Allactite



Allactite is a manganese arsenate hydroxide mineral. Microprobe analyses (Dunn, 1983b) indicate that local material approaches end-member composition with but small amounts of Mg, Fe, and Ca substituting for Mn. Zinc substitution is limited, varying from 1.4 - 3.0 wt. %.
Allactite was first reported from Franklin and Sterling Hill by Palache (1935).
Allactite from both Franklin and Sterling Hill occurs as superb 1-6 mm crystals. At Franklin, in general, they are bladed and tabular; those found at Sterling Hill in 1981 are considerably thicker.
The color varies; most specimens are brown, but the 1981 find at Sterling Hill was of distinctly brownish-red crystals. The luster is vitreous, inclining to adamantine. No physical measurements have been made. The tabular habit is somewhat diagnostic; X-ray methods are best for verification.
The diversity of assemblages evidenced by available specimens suggests that allactite may have been moderately common at Franklin but overlooked; it was reported from the Palmer Shaft by Palache (1935). It occurs primarily in carbonate-bearing vein assemblages and is associated with many minerals, among them pyroaurite, leucophoenicite, adelite, hodgkinsonite, barite, willemite, friedelite, and caryopilite. Franklin allactite crystals, in addition to forming clusters, also form druses on slickensides, some of which are coated with Mn-oxides and form thin crusts and veinlet fillings.
At Sterling Hill, allactite has been recovered in substantial quantities in recent years, but the crystal size is generally smaller than at Franklin, most being less than 2mm. Commonly associated minerals include kraisslite, sarkinite, willemite, rhodochrosite, barite, and calcite; less common associated minerals are fluorite, covellite, chlorophoenicite, friedelite, and secondary copper minerals.
The best of Sterling Hill allactite is that found in 1981 in divergent sprays, 3 mm in approximate size, and formed of thick brownish red crystals (Dunn, 1983b). Allactite has also been found as colorless lath-like microcrystals coating thin vein-sidewall surfaces, as white splotchy patches on black oxidized vein surfaces, and as druses. Notable occurrences have been on the 1200 and 1500 levels. (Dunn, 1995)


 Location Found: Franklin and Ogdensburg
     
 
 Year Discovered: 1884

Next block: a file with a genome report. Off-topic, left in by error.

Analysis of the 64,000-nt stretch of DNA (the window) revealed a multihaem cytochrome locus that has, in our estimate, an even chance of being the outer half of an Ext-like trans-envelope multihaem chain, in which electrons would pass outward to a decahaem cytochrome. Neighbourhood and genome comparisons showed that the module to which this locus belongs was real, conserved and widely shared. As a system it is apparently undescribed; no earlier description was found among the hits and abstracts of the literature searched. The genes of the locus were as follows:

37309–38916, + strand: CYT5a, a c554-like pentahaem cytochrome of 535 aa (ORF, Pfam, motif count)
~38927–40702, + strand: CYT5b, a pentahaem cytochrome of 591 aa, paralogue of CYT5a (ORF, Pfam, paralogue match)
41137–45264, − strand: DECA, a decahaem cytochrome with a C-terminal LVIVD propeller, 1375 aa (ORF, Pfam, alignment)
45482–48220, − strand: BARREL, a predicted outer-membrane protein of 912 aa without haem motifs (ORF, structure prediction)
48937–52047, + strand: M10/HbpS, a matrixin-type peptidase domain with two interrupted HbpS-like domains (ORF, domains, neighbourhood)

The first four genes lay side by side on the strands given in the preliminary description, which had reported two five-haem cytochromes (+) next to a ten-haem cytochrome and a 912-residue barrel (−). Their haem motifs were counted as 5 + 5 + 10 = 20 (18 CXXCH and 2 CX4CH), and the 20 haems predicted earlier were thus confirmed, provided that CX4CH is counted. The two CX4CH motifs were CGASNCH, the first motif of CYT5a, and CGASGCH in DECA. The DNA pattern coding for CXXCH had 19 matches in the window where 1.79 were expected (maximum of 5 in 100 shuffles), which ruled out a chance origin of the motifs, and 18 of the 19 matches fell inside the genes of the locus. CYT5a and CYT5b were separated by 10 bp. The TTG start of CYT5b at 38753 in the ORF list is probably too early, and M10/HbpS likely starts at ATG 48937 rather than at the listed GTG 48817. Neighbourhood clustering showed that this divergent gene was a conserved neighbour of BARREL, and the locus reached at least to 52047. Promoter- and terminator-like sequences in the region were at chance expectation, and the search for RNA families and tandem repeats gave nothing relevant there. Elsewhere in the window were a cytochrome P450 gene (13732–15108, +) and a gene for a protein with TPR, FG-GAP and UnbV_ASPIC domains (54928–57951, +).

Formula: Mn72+(AsO4)2(OH)8
 Essential Elements: Arsenic, Hydrogen, Manganese, Oxygen
 All Elements in Formula: Arsenic, Hydrogen, Manganese, Oxygen
     
 IMA Status: Approved
     
     
 To find out more about this mineral at minDat's website, follow this link   Allactite

     
 References:
Dunn, Pete J. (1995). Franklin and Sterling Hill New Jersey: the world's most magnificent mineral deposits. Franklin, NJ.: The Franklin-Ogdensburg Mineralogical Society. p.656

Frondel, Clifford (1972). The minerals of Franklin and Sterling Hill, a checklist. NY.: John Willey & Sons. p.40


The Picking Table References
 PT Issue and PageDescription / Comment
View IssueV. 25 No. 1 - Spring 1984, pg. 8Mineral Notes Research Reports, Allactite
View IssueV. 24, No. 1 - Spring 1983, pg. 4Recent Mineral Occurrences at Sterling Hill, Stephen B. Sanford, Allactite
View IssueV. 19, No. 2 - September 1978, pg. 6Recent Mineral Occurrences at Sterling Hill by Stephen Sanford - Allactite (small article)
View IssueV. 15, No. 1 - February 1974, pg. 8Mineral Notes - Allactite/McGovernite (small article)
View IssueV. 10, No. 1 - February 1969, pg. 12Additional Mineral Notes - Allactite (Short Note)
     
Images

     
Allactite crystals, fluorite, willemite and minor secondary copper from Sterling Hill Mine, NJ.
Stout allactite crystals in subparallel, slightly radial growth (red), fluorite (white), willemite (pink-tan) and minor secondary copper (green-blue) from Sterling Hill Mine, NJ. Field of view 3/4". From the collection of, and photo by Robert A. Boymistruk.


Allactite crystal on chlorophoenicite, Sterling Hill Mine, Ogdensburg, NJ
Allactite crystal (red-brown) on chlorophoenicite (white) from Sterling Hill Mine, Ogdensburg, NJ. Field of view 4 mm. From the collection of, and photo by DW.







All content including, but not limited to, mineral images, maps, graphics, and text on the Franklin-Ogdensburg Mineralogical Society, Inc. (FOMS) website is licensed under a
Creative Commons Attribution-NonCommercial 4.0 International License.
Creative Commons License